LUKE SULLIVAN (1705-1771), Portrait Miniature of a Gentleman

circa 1750s

Medium: watercolour on ivory

H 6.3 cm


Product Enquiry
Please fill out your details below and we will be in touch to discuss your requirements.

More information

This portrait of a gentleman by Luke Sullivan (1705-1771) was painted in the 1750s, at the heart of London’s artistic life and at the height of his career. The identity of the sitter is currently unknown, he wears a vermillion coat edged with white lace, a dark blue waistcoat embellish, white lace cravat, his hair worn en queue and tied back. The miniature is signed on the observe with a monogram L.S., and set within a gold bracelet gold class mount.

Luke Sullivan was an Irish artist who was born in County Louth. He came from humble beginnings and went on to move to London with his father, who became the groom to the Duke of Beaufort. It was thought to have been the Duke who encouraged Sullivan’s practice in the art of engraving. As it is believed that he employed an engraver called Le Bas to teach him the skill. Sullivan was closely associated with notable members of society and he later became the groom to the Earl of Badminton.

Sullivan was known for having a colourful career as an artist. He acquired not just the skill of a successful engraver but became known for his paintings of watercolours, landscapes, architectural views and most of all for his portrait miniatures. William Hogarth FRSA (1697-1764) employed Sullivan as his assistant engraver and the pair would go on to produce many works together, including The March to Finchley, 1750-61, (fig.2) which was Hogarth’s painting and then later engraved by Sullivan. This was a powerful piece to capture a significant moment in history. The scene is held at Tottenham Court, where soldiers are shown preparing to fight the Jacobite rebels in the north, which can be seen on the Hampstead hill in the background. Hogarth presents social, political and economic display, along with a satirical undertone that critiques the social dismay of eighteenth-century Britain.

Sullivan is largely known for his assistance to Hogarth, though his work as a miniaturist was well established and recognised for his individualised style. Sullivan exhibited with the Society of Artists from 1764-70, where it was said by Horace Walpole (1717-1797) in Graves’ Dictionary of Artists that his work was exceedingly fine, and J. T. Smith states that in his “humble opinion” Luke Sullivan was “the most extraordinary of all miniature painters”.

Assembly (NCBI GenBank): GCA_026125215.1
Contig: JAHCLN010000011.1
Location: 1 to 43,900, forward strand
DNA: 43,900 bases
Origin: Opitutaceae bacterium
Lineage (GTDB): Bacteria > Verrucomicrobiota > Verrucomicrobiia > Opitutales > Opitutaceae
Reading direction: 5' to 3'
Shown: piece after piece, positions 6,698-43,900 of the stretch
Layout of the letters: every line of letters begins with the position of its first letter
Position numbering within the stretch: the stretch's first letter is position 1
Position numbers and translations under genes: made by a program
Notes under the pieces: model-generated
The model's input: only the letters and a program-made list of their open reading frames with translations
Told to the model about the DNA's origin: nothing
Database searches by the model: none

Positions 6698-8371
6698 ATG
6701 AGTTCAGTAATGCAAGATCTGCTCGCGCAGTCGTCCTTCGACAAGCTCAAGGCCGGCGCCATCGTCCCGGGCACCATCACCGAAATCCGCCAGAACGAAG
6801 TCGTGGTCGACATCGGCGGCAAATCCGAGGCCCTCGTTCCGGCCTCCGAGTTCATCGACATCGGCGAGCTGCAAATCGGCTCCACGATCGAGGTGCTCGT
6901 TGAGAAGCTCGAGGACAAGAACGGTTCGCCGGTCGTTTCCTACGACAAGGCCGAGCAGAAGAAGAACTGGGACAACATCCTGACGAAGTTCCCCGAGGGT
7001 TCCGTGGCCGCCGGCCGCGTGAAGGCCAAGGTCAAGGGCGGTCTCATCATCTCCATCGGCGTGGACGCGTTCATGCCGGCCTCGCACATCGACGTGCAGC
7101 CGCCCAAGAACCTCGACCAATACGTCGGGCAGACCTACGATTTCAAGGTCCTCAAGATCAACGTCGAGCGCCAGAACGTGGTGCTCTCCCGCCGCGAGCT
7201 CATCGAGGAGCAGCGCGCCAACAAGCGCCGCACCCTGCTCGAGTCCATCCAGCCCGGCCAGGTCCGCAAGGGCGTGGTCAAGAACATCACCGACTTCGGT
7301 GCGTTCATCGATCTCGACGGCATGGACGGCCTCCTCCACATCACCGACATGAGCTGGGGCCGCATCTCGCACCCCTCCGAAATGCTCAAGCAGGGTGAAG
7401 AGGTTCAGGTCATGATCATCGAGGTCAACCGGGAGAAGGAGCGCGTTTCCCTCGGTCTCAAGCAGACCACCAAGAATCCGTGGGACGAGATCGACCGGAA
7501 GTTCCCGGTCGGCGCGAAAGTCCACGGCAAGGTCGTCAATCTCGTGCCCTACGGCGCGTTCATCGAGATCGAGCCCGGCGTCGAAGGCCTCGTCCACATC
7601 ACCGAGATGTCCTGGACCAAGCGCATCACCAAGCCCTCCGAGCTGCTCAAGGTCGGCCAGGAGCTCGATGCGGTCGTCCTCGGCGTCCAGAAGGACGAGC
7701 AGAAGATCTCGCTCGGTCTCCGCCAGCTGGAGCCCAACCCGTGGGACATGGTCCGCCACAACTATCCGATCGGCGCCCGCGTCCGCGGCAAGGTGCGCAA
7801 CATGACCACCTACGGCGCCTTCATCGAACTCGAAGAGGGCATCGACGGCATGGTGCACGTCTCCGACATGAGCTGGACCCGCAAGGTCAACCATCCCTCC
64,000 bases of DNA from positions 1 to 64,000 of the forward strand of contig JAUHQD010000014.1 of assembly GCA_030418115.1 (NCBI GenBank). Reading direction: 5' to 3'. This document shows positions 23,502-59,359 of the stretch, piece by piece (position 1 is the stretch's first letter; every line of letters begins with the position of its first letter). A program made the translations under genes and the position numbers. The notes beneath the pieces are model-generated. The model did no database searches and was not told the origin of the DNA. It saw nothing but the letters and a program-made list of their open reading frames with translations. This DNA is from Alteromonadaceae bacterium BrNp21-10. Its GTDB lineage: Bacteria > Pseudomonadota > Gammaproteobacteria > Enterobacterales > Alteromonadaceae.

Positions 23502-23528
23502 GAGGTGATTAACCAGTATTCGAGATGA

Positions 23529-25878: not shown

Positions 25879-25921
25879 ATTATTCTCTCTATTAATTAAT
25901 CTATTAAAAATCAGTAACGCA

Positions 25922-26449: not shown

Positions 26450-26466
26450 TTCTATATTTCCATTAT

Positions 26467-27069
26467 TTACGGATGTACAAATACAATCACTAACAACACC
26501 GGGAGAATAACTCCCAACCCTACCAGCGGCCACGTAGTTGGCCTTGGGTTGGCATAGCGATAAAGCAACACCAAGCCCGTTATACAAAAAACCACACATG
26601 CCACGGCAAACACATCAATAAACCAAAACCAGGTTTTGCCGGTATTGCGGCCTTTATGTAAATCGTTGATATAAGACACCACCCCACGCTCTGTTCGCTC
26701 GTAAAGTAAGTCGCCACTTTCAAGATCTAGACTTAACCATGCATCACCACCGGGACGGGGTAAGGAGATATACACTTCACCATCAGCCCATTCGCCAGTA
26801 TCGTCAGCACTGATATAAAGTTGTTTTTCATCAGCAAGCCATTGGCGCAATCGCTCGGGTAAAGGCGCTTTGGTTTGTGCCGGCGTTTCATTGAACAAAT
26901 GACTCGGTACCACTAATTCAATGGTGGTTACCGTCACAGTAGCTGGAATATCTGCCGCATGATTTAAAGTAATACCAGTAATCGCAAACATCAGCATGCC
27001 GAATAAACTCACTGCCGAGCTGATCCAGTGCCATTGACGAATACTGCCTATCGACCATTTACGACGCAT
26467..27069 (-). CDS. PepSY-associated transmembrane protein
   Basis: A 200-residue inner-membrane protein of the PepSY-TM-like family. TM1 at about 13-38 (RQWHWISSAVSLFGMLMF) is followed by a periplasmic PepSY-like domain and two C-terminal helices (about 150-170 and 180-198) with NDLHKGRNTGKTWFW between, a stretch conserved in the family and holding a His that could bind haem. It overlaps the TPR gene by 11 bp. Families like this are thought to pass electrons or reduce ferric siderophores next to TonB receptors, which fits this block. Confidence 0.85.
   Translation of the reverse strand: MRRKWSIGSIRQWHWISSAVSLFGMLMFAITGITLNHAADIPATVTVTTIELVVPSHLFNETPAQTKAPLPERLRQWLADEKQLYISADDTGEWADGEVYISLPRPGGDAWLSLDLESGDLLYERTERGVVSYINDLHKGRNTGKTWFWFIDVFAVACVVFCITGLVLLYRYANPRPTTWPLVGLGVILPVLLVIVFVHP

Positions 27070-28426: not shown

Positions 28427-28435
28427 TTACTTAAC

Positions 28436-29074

Towards the end of the century, Sullivan was an established artist who was known to have acquired a fashionable clientele. He was associated with a club for artists and well-known amateurs who would meet at Leicester Square in the back parlour of the public house of ‘Feathers’, neighbouring the royal Frederick, Prince of Wales. Whilst amidst his frivolous and social lifestyle, Sullivan became a director of the Society of Artists and when exhibiting with them, it was during this time that Sir Joshua Reynolds became the first president of the Royal Academy of Arts in 1769. It is thought that they were associates as both would have met frequently at the society. 

Works by Luke Sullivan feature in the collections of The Royal Academy of Arts, Tate Britain, The British Museum, The Metropolitan Museum of Art, New York, The National Galleries of Scotland, and many more. 

Provenance: Private Collection in South Kensington, London.
Einberg, E., Egerton, J., The Age of Hogarth: British Painters Born 1675-1709 (Tate Gallery Collections, II, London 1988).
Foskett, D., MacLehose, R. & Co., Ltd, British Portrait Miniatures (University Press, Glasgow, 1963).
Graves, A., A Dictionary of Artists Who have Exhibited Works in the Principle London Exhibitions of oil paintings from 1760-1880 (George Bell & Sons, London, 1884).
Hargraves, M., Candidates for fame: the Society of Artists of Great Britain, 1760-1791 (Yale University Press, 2006).
Smith, J. T., Book for a Rainy Day or Recollections of the Events of the Years 1766-1833 (Methuen & Co., London, 1905).
Symes, M., The landscape park engravings of LS (Journal of Garden History, IX 1984).
Thornbury, W., Leicester SquareOld and New London: Vol. 3 (Cassell, Petter & Galpin, London 1878).